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Subaru B9 SC Scrambler Hybrid

The Subaru B9 SC Scrambler Hybrid is a concept car announced at the 2003 Tokyo Motor Show. The Subaru two-seat B9 SC roadster hybrid teams up a high-torque electric motor with a 2.0-liter DOHC Subaru boxer flat 4-cylinder gasoline engine.

At low to middle speeds, the B9 Scrambler Hybrid uses the gasoline engine to charge its bank of high-density manganese lithium-ion (NLE) batteries, while at higher speeds (above 50 mph) it operates exclusively with its gasoline engine.

The NLE batteries (developed in a joint venture with NEC corporation) offer greater flexibility than other manufacturer's hybrid batteries in that with Subaru, battery cells can be added and subtracted to accommodate different body designs. This will also be useful if Subaru plans to sell the battery pack to other hybrid manufacturers as well.

 

Pictured is the Subaru B9 SC Scrambler.

 

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The Subaru Scrambler Hybrid uses a special 2-way clutch in its Sequential Series Hybrid Electric Vehicle (SSHEV) system to seamless switch between gasoline engine and electric motor. The all-wheel drive B9 SC Hybrid also rides on air, adjustable air suspension, that is as it makes allowances to ground clearance as needed. With the addition of the Scrambler's large wheels with run-flat tires, it makes this hybrid car a vehicles for many rough road conditions as well as highway driving.

The Subaru B9 SC Scrambler Hybrid also offers a dent, scratch, and ding resistant body including a special protective paint that also wraps over the upper body and behind the doors to provide unity to the design. The Scrambler is scrambling to protect itself from rocks and other road debris with this new protective coating.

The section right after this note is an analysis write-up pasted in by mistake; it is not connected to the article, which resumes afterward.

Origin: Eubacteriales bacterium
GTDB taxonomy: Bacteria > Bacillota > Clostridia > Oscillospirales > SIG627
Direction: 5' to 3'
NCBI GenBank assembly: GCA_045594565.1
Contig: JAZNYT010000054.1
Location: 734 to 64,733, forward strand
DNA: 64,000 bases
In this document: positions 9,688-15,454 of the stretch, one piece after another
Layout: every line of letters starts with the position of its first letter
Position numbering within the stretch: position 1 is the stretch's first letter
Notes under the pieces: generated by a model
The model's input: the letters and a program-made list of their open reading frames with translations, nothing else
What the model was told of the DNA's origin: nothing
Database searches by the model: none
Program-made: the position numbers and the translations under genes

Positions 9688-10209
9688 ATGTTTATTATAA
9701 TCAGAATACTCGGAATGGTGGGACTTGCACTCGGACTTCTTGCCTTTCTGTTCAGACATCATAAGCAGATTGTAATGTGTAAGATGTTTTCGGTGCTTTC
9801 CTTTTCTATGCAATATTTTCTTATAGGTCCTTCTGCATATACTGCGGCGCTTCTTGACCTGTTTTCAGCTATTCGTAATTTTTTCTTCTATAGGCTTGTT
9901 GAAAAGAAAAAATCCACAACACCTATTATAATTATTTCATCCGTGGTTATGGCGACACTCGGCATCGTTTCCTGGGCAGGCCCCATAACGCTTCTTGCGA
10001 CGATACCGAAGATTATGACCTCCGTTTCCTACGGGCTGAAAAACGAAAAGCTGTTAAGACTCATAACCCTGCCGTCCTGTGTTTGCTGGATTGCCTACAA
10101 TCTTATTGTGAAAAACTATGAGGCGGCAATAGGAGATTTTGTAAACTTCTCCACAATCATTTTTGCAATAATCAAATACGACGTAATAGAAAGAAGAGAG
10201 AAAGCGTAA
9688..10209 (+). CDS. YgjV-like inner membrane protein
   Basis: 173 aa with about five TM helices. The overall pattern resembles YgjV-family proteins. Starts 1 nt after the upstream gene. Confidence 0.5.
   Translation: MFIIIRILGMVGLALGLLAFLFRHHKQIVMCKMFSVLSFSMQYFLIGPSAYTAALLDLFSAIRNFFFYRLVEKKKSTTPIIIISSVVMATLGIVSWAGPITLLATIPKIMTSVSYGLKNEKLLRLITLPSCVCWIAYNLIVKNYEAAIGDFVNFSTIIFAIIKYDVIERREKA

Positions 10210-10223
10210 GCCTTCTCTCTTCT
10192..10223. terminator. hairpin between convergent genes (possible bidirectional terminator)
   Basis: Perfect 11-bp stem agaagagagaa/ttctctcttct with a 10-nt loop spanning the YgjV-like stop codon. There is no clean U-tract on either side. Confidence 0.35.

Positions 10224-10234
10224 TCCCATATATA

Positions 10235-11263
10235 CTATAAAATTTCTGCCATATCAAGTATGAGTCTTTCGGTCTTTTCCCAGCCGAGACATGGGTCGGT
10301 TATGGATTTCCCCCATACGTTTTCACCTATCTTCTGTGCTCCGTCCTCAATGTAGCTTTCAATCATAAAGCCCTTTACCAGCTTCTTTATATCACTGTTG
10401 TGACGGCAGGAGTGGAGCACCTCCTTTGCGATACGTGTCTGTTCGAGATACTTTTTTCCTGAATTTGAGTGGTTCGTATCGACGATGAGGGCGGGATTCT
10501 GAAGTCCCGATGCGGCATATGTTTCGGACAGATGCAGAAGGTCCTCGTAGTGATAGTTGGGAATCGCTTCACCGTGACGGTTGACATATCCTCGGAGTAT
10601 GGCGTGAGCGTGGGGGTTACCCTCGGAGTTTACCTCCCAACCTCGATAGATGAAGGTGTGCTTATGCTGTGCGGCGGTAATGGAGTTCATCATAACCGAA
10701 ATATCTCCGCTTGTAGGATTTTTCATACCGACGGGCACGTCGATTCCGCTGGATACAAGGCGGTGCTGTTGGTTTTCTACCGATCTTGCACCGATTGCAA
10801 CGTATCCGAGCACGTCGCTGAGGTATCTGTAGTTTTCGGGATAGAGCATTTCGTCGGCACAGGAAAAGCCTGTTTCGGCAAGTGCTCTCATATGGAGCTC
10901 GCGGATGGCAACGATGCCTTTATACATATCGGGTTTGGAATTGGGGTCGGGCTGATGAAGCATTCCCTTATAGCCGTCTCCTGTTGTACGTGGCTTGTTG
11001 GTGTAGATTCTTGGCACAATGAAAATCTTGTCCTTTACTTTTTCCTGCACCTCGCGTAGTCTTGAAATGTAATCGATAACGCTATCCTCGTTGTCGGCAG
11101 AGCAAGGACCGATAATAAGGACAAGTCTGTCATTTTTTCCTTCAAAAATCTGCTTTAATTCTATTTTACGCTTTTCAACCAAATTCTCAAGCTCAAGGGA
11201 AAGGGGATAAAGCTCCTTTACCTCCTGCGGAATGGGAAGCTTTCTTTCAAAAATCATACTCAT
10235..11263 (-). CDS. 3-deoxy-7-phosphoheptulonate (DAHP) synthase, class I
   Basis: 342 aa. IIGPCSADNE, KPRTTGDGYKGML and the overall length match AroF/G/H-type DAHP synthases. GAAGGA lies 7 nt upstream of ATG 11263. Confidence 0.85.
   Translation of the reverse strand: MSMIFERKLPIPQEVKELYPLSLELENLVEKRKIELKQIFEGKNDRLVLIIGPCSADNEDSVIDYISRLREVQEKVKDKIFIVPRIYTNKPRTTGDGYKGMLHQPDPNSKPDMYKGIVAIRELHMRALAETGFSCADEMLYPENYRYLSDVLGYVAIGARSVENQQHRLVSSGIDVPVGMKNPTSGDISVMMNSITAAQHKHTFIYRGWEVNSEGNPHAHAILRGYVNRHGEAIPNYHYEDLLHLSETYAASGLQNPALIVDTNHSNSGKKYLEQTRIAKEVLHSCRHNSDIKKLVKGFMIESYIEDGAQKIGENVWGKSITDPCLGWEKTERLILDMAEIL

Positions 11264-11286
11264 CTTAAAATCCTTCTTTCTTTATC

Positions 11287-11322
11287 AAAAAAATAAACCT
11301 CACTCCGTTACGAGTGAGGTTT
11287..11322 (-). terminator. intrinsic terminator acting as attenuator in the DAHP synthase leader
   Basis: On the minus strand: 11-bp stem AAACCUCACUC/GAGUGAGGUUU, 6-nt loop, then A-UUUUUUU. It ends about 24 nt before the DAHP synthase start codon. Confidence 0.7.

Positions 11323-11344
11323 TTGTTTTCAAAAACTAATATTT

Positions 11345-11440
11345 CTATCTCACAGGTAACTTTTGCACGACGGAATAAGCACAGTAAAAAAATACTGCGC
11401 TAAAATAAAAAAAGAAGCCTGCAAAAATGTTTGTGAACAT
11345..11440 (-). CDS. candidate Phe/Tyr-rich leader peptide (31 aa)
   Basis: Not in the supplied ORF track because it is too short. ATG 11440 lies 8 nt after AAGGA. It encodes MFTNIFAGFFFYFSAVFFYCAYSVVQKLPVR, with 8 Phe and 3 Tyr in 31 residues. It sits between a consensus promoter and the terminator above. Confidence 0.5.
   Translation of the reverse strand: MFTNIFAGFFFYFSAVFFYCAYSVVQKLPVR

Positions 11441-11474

According to the latest reports, the roll out of the Subaru B9 SC Scrambler Hybrid is being delayed indefinitely. According to Fuji Heavy, owner of Subaru, the car company has not figured out yet how to reduce production costs to the point of being commercially viable. In order to make it to market more quickly, Subaru has formed an alliance that is to be mutually beneficial.

Toyota will supply Subaru with the hybrid power system for its new cars and vehicles. Subaru, in turn, will supply Toyota with the manganese lithium-ion batteries that Toyota will begin to use in production vehicles. Because Subaru only brings 590,000 or so vehicles to market, it makes sense that they delay, abandon or just stretch out the development costs over a longer period-of-time. In the short-term, however, Subaru can bring a hybrid car to market more quickly as the market for this commodity is already heating up and will get even hotter over the next 5-10 years.

Subaru has also just announced plans to sell an all-electric minicar in Japan by 2009. The Subaru R1e electric vehicle is being powered by the same lithium-ion battery pack as the Scrambler Hybrid is and is designed to run 200 kilometers (124 miles) on a single charge. The R1e electric minicar can be charged by plugging it into the same kind of AC outlet that home air conditioners use.

The Subaru B9 SC Scrambler Hybrid, though a ways off, is still something to keep on eye on for the future. With its sleek, sporty design and technical innovations, this one car could help Subaru's sagging sales breath a new life for years to come.

 

 

 

 

 

 


 


 

 

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